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  • 2022-06-12 23:54
先安装驱动,在使用程序 sjf2440_UserGuide_v1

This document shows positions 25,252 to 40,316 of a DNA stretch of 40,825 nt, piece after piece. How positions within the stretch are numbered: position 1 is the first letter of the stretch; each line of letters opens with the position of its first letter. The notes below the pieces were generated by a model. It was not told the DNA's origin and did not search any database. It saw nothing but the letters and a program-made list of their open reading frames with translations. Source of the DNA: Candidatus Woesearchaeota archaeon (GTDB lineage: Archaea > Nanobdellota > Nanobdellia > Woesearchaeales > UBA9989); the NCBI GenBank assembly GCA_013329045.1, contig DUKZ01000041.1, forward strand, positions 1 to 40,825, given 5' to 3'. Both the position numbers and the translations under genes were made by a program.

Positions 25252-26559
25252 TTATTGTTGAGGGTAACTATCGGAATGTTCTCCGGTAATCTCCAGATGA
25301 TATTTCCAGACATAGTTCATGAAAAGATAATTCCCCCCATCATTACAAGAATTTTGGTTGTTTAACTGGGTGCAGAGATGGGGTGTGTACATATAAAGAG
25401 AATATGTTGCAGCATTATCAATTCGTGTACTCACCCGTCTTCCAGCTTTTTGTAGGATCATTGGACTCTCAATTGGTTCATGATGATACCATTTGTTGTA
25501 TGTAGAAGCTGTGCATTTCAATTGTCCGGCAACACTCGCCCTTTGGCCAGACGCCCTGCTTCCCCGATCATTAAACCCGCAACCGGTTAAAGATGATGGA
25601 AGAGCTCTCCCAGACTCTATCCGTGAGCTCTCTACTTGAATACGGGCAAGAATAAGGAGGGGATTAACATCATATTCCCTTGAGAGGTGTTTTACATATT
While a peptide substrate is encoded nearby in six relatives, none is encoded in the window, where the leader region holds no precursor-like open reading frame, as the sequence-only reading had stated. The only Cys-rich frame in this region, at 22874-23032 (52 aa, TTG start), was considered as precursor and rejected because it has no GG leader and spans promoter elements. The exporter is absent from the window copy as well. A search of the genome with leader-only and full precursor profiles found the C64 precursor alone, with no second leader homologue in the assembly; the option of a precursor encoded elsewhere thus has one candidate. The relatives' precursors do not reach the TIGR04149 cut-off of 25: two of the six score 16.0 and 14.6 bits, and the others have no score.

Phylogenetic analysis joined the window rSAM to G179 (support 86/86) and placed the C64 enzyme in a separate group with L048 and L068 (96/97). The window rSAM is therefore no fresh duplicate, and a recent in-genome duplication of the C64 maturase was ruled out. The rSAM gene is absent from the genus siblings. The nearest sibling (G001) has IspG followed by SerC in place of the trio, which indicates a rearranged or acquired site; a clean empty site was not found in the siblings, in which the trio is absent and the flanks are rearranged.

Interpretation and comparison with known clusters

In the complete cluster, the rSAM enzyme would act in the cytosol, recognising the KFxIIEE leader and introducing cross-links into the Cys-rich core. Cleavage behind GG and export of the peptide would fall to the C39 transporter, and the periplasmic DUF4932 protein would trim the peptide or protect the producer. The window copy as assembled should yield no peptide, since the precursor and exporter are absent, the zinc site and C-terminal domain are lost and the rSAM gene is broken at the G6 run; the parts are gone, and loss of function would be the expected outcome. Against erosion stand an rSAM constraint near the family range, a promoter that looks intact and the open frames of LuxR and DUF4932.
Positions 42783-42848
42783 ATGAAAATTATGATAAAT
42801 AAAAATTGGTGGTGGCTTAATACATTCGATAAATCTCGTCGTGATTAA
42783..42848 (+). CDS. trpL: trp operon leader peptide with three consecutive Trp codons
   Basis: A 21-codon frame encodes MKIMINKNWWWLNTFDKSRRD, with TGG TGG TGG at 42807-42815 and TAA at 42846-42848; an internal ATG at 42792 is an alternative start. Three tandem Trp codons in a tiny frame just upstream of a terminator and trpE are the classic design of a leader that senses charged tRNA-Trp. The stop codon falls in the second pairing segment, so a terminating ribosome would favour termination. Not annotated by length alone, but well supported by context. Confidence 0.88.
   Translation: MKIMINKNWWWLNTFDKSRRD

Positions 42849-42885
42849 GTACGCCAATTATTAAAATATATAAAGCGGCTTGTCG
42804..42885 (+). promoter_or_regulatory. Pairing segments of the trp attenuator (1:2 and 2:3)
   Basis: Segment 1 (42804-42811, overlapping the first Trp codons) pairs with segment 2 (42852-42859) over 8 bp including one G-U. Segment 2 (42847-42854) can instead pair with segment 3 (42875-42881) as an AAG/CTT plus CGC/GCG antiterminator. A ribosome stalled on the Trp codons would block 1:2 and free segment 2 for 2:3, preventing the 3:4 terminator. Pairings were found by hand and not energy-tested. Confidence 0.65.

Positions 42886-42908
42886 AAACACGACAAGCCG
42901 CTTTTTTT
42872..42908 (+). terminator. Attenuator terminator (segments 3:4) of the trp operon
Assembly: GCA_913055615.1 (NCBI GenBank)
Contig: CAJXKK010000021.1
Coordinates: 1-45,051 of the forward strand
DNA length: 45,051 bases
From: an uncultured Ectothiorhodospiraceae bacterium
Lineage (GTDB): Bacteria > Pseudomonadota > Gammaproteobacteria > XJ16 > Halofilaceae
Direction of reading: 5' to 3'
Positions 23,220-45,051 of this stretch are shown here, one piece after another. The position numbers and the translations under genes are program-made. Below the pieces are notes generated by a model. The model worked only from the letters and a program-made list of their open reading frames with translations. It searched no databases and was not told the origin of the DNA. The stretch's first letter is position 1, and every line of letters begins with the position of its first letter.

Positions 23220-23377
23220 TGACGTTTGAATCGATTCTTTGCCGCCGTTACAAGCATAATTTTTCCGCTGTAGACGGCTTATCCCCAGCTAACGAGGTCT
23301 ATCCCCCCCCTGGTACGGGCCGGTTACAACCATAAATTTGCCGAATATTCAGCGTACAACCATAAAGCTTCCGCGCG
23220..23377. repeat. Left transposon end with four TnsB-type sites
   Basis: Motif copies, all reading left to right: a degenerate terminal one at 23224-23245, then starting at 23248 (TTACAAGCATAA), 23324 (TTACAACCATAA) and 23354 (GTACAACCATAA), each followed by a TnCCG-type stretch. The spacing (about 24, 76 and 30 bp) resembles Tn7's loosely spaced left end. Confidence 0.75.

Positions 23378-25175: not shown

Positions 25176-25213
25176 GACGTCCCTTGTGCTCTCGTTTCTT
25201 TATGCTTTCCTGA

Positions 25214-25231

Author: Dale Roberts, Direct I/O and Windows NT Here are two helpful hints to get you going with GIVEIO. The first section below mentions the INSTDRV utility that is provided with the Microsoft DDK. If you do not have access to the DDK, you can use Paula Tomlinson's program LOADDRV instead. She describes it in her May 1995 article in Windows/DOS Developer's Journal (now Windows Developer's Journal). You can get the program from their FTP site at: ftp://ftp.mfi.com/pub/windev/1995/may95.zip. ------------------------------------------------------------------ Device Driver Installation Made Easy The Microsoft NT Device Driver Kit documentation implies in several places that there are several steps involved in installing a device driver and making it accessible to a Win32 application. It explains that you should edit the registry manually and then reboot the system. But device drivers are dynamically loadable and unloadable in NT, and the DDK comes with a very handy utility called INSTDRV that demonstrates this facility in a very practical manner. INSTDRV is a console application that will register, load, and start a kernel mode device driver. It does not require you to edit the registry manually or reboot the computer. On the command line you simply give the name of your device driver and the complete path to the .SYS file (which does not need to be in the system's DRIVERS directory). After this command is executed, you will find that the driver has been registered with the system and appears in the Devices applet in the control panel. If you give the word remove instead of the path, the driver is removed from the system and taken out of the driver database. Once the driver is loaded and started, you can use the control panel's Devices applet to start and stop it, or you can use the net start and net stop commands (these are much faster) from a console window. When a kernel mode device is stopped, it is in also unloaded from memory. The next time you start the device, a fresh copy of the driver is read from the hard drive, if it has been modified. This makes it very convenient to develop device drivers, since you can go through the modify, stop, start cycle repeatedly without ever needing to reboot. If you need your driver to load at boot time, you can go into the Devices applet and change its startup mode to boot. The other component that is needed to make the driver visible to user mode applications, so they can use CreateFile() calls to access the driver, is registering the name in the DOS Devices name space. This can be done, as documented in the DDK, by editing the registry manually and rebooting. Or, much more simply, the kernel mode driver can call the IoCreateSymbolicLink() function to register the name itself. The GIVEIO driver shown in Listing Four uses the later technique. Once the name is registered, user mode applications can get a file handle to the device driver by calling CreateFile() with the driver name as the file parameter, but preceding the driver name with the special cookie \\.\. The TESTIO application in Listing Five uses this technique. ------------------------------------------------------------------ Quick Trick: Using DEBUG With Port I/O Sometimes you just need to do a quick I/O operation to a port. In DOS, you could use the DEBUG program to accomplish this. In NT, once you have the GIVEIO device driver up and running, you can once again use DEBUG for port I/O. If you look at the source code for the test application, you'll see that all it does is open and close the GIVEIO device driver. It uses the special cookie \\.\ before the driver name in order to access it. Without modifying DEBUG, you can have it open this device driver by simply typing debug \\.\giveio in an NT console window. You will get an error message complaining that the file \\.\giveio is not found, but it will give DEBUG I/O access anyway. Subsequent DOS applications that are run from this console window will also have I/O access. WIN32 applications executed from this console window will still cause exceptions. This is because DEBUG (and any other DOS application) runs in the context of the VDM (Virtual DOS Machine) process of the console box, whereas each WIN32 application gets its own process. The VDM process stays active as long as the console window is open, but each WIN32 application creates a brand new process with the IOPM offset initialized to point beyond the end of the TSS.